I am not commuting now but did so for the 6 years of my last job (and nearly every job I've had). Last commute was 26 mile round trip, same as yours. I started at 3 days/week but evolved to 4+, often only driving when I needed the car for other stuff after. (Not weekday shopping; I did that on my way home on the bike; granted, no family.)

Tricks I've found that help a lot: Have a dedicated commuter bike. For this I love fix gears. They always work. (If you haven't looked at your drive train in three weeks and it's been squeaking for two, it still works. And the penalty for running that chain dry? That $10-20 chain and $75 of cogs and rings will have to be replaced 2 months sooner (3 years from now). I pull the bike off the rack, toss in a water bottle, maybe squeeze the tires and go. Had it so the charging cable for the headlight reached the bike on the rack. Shouldn't be much harder than getting in your car. Keep clothes at work and bring them in on your car drive or make one day a week your 'bike truck" trip.

I have the luxury of my own bathroom so I have a place to hang cycling clothes that is really easy in the morning. Perhaps you have a laundry space or some other place you can negotiate with family to speed things up. Point out that you are a happier, better person IF you can get that commuting in AND get adequate sleep; that the family will have a happy, healthy provider for years.

You might look at the Dutch for inspiration. I won't copy their heavy bikes, but I admire how they have evolved and developed a bike-centered life that really works.

Ben
Red Tornado

Posts:37

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08/12/2014 04:19 PM
Appreciate the feedback everyone.

CK, Did that several years back when I felt burnout coming on. Helped coah my sons youth football team, finished some projects around the house, etc. I didn't get much exercise, other than football practice, and it took me a while to get going on the bike again. Definitely re-charged the batteries, though. My have to consider that again.

OC, I have been in sleep deprivation mode for a while now. When I was younger I could push through it; as I get older it's not so easy. Oh, if my family weren't night owls it would be so much easier! There might be a sweet spot in there somewhere that would allow more rest but not at the expense of too much fam time.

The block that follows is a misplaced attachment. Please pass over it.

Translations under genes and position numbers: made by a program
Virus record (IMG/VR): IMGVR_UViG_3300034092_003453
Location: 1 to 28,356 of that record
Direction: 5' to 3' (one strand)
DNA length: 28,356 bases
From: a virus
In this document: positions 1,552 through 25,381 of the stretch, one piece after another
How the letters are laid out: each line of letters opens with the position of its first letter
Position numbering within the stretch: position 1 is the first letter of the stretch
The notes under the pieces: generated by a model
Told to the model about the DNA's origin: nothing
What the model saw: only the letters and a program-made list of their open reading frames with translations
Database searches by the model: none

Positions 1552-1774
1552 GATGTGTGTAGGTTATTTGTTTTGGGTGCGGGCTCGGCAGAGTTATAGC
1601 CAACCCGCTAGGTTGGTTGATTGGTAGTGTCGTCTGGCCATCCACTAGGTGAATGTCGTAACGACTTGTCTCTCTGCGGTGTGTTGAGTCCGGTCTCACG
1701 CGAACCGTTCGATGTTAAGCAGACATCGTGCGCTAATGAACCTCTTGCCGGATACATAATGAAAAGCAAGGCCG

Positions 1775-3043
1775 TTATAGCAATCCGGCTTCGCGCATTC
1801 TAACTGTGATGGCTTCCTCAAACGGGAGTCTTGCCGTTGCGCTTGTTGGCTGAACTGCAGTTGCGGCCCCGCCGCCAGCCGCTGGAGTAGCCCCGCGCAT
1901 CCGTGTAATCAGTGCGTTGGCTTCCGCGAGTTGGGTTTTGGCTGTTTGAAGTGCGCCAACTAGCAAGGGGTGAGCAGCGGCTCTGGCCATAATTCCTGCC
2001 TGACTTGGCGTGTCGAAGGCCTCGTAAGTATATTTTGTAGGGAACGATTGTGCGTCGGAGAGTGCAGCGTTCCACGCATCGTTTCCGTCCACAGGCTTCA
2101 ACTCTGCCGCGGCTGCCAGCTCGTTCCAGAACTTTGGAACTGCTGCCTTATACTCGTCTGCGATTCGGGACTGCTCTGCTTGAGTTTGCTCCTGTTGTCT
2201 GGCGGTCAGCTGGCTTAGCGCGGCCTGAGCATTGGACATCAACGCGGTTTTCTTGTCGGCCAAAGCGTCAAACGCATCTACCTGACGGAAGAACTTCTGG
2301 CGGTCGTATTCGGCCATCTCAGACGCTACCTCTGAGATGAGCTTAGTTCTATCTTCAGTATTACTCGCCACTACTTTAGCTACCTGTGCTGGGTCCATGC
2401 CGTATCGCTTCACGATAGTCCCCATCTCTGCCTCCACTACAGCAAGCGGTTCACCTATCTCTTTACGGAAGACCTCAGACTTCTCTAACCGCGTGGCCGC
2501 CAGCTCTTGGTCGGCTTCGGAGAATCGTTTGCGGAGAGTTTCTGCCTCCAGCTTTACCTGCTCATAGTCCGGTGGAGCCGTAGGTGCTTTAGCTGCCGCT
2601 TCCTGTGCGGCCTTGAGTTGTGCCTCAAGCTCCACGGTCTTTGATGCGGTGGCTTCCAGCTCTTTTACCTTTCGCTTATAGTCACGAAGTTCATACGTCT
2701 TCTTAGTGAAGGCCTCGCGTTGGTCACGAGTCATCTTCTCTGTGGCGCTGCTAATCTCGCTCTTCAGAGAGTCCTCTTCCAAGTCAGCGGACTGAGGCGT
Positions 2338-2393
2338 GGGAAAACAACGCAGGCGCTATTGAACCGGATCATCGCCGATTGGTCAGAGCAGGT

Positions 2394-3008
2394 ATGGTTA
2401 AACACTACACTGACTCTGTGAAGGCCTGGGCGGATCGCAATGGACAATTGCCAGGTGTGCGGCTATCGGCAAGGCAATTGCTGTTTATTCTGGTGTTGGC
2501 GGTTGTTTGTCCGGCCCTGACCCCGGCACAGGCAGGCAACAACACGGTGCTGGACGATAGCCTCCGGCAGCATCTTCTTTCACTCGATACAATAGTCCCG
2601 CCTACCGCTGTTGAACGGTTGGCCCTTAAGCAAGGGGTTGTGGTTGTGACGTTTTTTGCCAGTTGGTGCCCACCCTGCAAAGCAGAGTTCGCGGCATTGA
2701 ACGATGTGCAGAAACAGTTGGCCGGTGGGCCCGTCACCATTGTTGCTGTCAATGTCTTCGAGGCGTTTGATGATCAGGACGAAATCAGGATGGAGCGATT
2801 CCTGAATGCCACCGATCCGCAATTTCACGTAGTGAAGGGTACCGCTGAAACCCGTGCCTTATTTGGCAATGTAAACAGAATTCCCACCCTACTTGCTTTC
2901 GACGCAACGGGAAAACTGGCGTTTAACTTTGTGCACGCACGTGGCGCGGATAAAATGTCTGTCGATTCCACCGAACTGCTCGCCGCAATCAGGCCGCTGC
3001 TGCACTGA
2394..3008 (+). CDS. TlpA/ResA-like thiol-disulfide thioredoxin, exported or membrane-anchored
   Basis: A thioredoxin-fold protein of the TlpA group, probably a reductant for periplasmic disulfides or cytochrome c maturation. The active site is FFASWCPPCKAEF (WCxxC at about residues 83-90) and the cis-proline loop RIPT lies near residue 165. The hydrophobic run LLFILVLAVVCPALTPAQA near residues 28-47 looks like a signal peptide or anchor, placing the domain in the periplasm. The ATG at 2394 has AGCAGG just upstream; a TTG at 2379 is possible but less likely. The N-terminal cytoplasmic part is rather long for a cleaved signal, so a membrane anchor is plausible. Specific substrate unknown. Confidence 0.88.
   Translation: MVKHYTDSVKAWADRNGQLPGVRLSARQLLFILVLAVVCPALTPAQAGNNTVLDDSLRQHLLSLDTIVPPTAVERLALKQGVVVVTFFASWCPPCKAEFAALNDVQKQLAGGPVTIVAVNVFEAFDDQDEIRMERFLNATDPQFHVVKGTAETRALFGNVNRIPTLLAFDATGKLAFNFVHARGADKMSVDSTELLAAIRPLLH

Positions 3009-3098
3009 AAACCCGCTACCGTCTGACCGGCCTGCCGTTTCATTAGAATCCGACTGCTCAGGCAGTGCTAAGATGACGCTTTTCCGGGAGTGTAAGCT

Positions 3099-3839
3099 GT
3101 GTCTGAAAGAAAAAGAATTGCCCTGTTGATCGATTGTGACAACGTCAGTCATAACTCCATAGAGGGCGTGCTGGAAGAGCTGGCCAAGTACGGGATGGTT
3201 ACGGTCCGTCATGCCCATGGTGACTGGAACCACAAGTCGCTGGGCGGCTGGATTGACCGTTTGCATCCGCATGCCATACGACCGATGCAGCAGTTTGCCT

I had a pretty good system of bringing fresh clothes to work weekly on one of my driving days and we have a decent shower area so no issues there. Pretty much just got tired of going through the motions.
Sleep deprivation seems to be the biggest hurdle for me. Also like the idea of SS/fixie; something different.
Keith Richards

Posts:759

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08/12/2014 04:30 PM
Posted By ChinookPass . on 08/12/2014 10:58 AM
Once you get on the commuting train and do it all year, year after year, and witness the finest details of the changing of the seasons, the ebb and flow of form, and the pride of your accomplishments, I think it is hard to ever get off that. You may not be commuting enough! Get more sleep, take the long way home once in awhile, and park your bike on the weekends. The little details of shuttling clothes and food etc to work will take care of themselves. You'll figure out how to simplify all that soon enough.

+1 on finding alternative activities for the weekend. You will be in such good shape you will enjoy them more.


I totally agree on the commuting thing. I have been commuting for almost 20 years. I just do it. I don't push the rides any more than is necessary tho. Make sure you take time to slow down and sight see, take a different route, chat with other commuting cyclists...I also stopped doing big weekend rides until last week. I had not done a hard group ride in 10 years because of commuting. Given the choice of commute and not ride on the weekends or get burnt out, I chose to commute and do other stuff on the weekends. Usually fishing!